Early Strokes


Appreciating art is often a matter of aesthetics, of combining instinct with acquired taste.

Appreciating art is often a matter of aesthetics, of combining instinct with acquired taste. Nadia Samdani, CEO of the Dhaka-based Samdani Art Foundation, shaped her instincts under her father Khalilur Rahman Choudhury, a prominent Bangladeshi industrialist. Born in Britain, where the family lived for a while, conversations at meal times and social gatherings would often revolve around the new show at the local art gallery, or on the merits of artists from across the border, in India. There was a sizeable art collection at home, and family favourites ranged from the Tagores to Pablo Picasso. At 22, when she started her own collection, Nadia already had a finger on the pulse of the contemporary global art scene.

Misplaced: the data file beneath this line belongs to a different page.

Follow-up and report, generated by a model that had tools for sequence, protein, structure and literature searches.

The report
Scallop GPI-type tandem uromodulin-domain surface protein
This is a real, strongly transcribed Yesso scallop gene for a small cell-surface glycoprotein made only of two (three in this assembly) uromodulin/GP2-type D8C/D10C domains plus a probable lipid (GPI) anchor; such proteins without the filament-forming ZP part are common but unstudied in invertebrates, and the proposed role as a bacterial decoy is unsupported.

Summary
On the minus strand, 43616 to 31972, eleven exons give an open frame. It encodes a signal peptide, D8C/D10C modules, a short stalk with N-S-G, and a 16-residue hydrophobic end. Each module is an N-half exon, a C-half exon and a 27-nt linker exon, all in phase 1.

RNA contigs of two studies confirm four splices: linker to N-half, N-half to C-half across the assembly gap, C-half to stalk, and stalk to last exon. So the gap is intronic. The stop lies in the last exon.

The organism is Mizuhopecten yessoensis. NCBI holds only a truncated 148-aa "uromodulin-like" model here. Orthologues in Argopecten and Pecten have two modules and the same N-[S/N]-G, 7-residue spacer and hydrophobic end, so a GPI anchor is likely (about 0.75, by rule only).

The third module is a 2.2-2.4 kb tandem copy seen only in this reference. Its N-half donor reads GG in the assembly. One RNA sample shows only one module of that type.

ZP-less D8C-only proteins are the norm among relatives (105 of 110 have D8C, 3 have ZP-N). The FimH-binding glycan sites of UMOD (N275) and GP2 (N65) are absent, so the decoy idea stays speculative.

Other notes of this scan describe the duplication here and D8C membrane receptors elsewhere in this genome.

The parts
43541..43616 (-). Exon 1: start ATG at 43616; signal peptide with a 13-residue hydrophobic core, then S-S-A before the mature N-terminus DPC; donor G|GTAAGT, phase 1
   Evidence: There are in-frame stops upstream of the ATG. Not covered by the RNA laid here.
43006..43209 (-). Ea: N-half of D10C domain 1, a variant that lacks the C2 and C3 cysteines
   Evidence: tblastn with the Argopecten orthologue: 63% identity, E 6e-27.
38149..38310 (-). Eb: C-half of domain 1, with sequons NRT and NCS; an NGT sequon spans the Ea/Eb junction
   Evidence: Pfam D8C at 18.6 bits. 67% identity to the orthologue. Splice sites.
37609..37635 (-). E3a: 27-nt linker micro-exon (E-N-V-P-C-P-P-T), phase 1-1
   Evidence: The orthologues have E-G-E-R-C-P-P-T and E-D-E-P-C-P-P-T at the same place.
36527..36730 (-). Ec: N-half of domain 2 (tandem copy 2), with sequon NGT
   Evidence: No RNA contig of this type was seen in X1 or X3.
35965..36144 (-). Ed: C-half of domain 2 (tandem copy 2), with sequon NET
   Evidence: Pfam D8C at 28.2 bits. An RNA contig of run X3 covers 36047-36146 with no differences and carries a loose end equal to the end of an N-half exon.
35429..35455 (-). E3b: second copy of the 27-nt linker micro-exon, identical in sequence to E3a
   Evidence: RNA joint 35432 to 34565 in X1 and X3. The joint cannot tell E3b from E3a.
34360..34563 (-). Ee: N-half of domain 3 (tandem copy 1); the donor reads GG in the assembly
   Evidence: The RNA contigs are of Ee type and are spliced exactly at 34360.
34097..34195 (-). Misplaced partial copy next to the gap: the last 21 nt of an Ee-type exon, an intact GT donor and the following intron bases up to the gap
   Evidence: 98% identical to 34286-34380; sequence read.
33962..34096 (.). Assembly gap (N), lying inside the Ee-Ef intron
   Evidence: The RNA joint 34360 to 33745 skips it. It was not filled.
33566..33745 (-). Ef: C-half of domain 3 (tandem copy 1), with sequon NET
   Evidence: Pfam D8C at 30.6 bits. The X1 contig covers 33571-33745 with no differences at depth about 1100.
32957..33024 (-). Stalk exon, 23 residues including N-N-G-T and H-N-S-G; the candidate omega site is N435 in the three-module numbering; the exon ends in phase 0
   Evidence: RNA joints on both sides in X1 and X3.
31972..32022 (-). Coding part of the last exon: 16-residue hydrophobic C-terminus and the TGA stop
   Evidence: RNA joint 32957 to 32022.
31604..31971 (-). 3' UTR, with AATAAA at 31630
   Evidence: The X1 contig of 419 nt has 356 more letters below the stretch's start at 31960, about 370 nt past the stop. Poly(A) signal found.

Eight years later, as she organised the first Dhaka Art Summit (DAS) recently held in Bangladesh, it was this experience that Nadia and her husband Rajeeb, also an art aficionado, relied upon. Formatted on the lines of the very successful India Art Summit, the four-day event, held in Dhaka in collaboration with the Bangladesh National Museum and Bangladesh Shilpakala Academy (National Academy of Fine and Performing Arts), differed only in focus. It pivoted on local art, with 19 galleries and 249 Bangladeshi artists participating in the fair. Amin Jaffer, international director of Asian Art at auction house Christie's and Maithili Parekh, director, business development, India at Sotheby's, put in an appearance, as did representatives from London's Tate Museum and Indian galleries and artists. "It's an interesting time to look at art in south Asia, particularly after India's flourish in the last two decades. Bangladesh has a very unique artistic milieu, but not much is known about it in the hue and cry over its poverty and over population. The time's ripe to look at the market and assess its potential, just when the opportunities are beginning to roll in," says Nadia.

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